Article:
Geographically, the Utes have focused their Texas recruiting on the large population bases surrounding Dallas and Houston. The current roster — as they prepare to face Texas in San Antonio’s Alamo Bowl on Dec. 31 — includes several players with ties to the state. The list features senior tight end Hunter Thedford (Comanche/SMU); junior defensive backs Vonte Davis (Rosenberg/Blinn College) and Nygel King (Tomball), sophomore defensive back Bronson Boyd (Arlington/Texas Tech); wide receiver Jaylen Dixon (Frisco); tight end Brant Kuithe (Katy); quarterbacks Cameron Rising (Texas) and Jason Shelley (Frisco); as well as several freshmen — offensive lineman Braeden Daniels (Carrollton); defensive end Blake Kuithe (Katy); plus defensive backs Aaron Lowe (Mesquite) and Drew Rawls (Beaumont)
Whittingham said Utah’s recruiting efforts in Texas have intensified. He noted that former coach Ron McBride brought a few players into the program years ago, mentioning guys like Brandon Warfield and Thomas Herrion.
A few years into Whittingham’s tenure as head coach, he opted to make Texas more than a satellite area for recruiting. Scalley was assigned to the Houston area and Whittingham said he “did a great job.” Utah now has three coaches recruiting in the state.
Whittingham considers it one of the program’s primary areas.
“We have three main footprints: Southern California, in-state here in Utah and in Texas. The majority of our team is comprised of players from those three areas,” Whittingham said. “It’s going to be great exposure for our team and our program to come to San Antonio and be able to play in that state and have recruits take note of that. And, of course, playing Texas adds to that as well.”
Texans already on the roster, he explained, will benefit as well.
“That’ll be a good experience for those guys to be able to get back home and play in front of some of their family,” Whittingham said.
Dixon acknowledged that it’s huge for those from Texas. Facing the Longhorns is a big deal. He grew up watching them and players like Vince Young.
“Just growing up with that and then that culture it’s been huge,” Dixon said. “So I think it’s going to be great to go back home and to play those guys.”
Having not been recruited by Texas adds to the motivation.
“I feel I was capable of playing there,” Dixon said. “But them not seeing that way it brings a little bit of a chip on my shoulder and that’s just a part of it.”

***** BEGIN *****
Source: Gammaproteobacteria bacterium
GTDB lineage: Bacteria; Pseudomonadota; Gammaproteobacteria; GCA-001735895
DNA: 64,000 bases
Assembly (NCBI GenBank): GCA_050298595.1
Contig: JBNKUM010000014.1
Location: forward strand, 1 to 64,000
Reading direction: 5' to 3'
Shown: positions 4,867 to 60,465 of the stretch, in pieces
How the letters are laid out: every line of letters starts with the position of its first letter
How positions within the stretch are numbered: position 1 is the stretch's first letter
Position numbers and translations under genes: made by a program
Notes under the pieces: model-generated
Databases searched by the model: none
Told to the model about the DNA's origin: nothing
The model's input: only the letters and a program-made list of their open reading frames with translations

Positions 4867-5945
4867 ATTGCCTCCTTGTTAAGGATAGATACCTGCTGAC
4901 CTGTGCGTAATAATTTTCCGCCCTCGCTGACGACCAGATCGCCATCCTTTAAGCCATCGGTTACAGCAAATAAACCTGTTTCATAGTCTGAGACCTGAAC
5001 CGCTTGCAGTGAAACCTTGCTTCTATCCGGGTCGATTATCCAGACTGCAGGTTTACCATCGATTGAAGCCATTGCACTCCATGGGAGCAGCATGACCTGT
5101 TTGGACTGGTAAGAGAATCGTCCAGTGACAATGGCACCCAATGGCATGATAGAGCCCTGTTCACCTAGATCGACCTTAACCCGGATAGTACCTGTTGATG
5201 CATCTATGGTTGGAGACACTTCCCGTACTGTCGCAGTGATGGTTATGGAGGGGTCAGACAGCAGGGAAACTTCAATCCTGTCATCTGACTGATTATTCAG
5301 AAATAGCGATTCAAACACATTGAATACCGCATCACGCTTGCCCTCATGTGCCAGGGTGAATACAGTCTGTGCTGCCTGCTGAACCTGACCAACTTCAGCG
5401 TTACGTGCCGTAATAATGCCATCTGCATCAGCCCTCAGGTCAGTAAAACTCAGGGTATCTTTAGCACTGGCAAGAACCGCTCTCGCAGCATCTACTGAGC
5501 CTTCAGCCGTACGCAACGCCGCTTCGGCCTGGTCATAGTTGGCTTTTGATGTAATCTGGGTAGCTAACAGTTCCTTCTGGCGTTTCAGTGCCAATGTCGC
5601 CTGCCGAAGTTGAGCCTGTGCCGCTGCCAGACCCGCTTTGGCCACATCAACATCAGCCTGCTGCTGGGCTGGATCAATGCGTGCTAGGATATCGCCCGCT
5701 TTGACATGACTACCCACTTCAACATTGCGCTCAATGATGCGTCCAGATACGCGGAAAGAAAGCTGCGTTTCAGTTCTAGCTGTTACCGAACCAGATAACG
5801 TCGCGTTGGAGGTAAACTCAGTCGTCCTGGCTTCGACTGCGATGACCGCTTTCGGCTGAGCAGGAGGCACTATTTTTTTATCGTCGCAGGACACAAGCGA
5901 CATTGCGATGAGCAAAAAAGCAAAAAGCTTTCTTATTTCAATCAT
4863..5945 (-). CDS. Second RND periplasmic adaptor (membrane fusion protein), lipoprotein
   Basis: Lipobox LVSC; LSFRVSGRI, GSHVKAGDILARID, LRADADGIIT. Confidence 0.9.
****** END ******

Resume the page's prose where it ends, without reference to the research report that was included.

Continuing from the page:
Brant Kuithe also thought about playing for Texas someday, However, he knew the Longhorns went after four- or five-star guys and that a lot of three-star players like himself usually had to go out of state.
“That’s just what position I’m in, and I’m happy to be here,” said Kuithe, who admits he’ll come out with a little extra juice since he wasn’t recruited much by Texas.
The Alamo Bowl, thus, does carry some extra meaning. Kuithe grew up about two hours out of San Antonio so a lot of his family will be on hand to “showcase what Texas guys can do in Texas.”
Scalley and the Utes, as the evidence shows, already know that.
“You’ve seen over the years we’ve got a lot more guys from Texas,“ Kuithe continued. “So I think if we just handle our business — week in and week out — then I feel like we’ll just get more guys on the recruiting trail.”
Texans on Utah’s roster
TE Hunter Thedford (Comanche/SMU)
DB Vonte Davis (Rosenberg/Blinn College)
DB Nygel King (Tomball)
DB Bronson Boyd (Arlington/Texas Tech)
WR Jaylen Dixon (Frisco)
TE Brant Kuithe (Katy)
QB Cameron Rising (Texas)
QB Jason Shelley (Frisco)
OL Braeden Daniels (Carrollton)
DE Blake Kuithe (Katy)
DB Aaron Lowe (Mesquite)
DB Drew Rawls (Beaumont)
Committed recruits (UteZone.com)
LB Graham Faloona (Southlake)
LB Jaylan Ford (Frisco)
RB John Gentry (Houston)
RB Ty Jordan (West Mesquite)
WR Money Parks (Aledo)
QB Peyton Powell (Odessa/Baylor)
S Ben Renfro (Magnolia)
Utes on the air
2019 Alamo Bowl
No. 11 Utah (10-2) vs. Texas (7-5)
Alamodome, San Antonio
Dec. 31, 5:30 p.m. (MT)
Radio: ESPN 700AM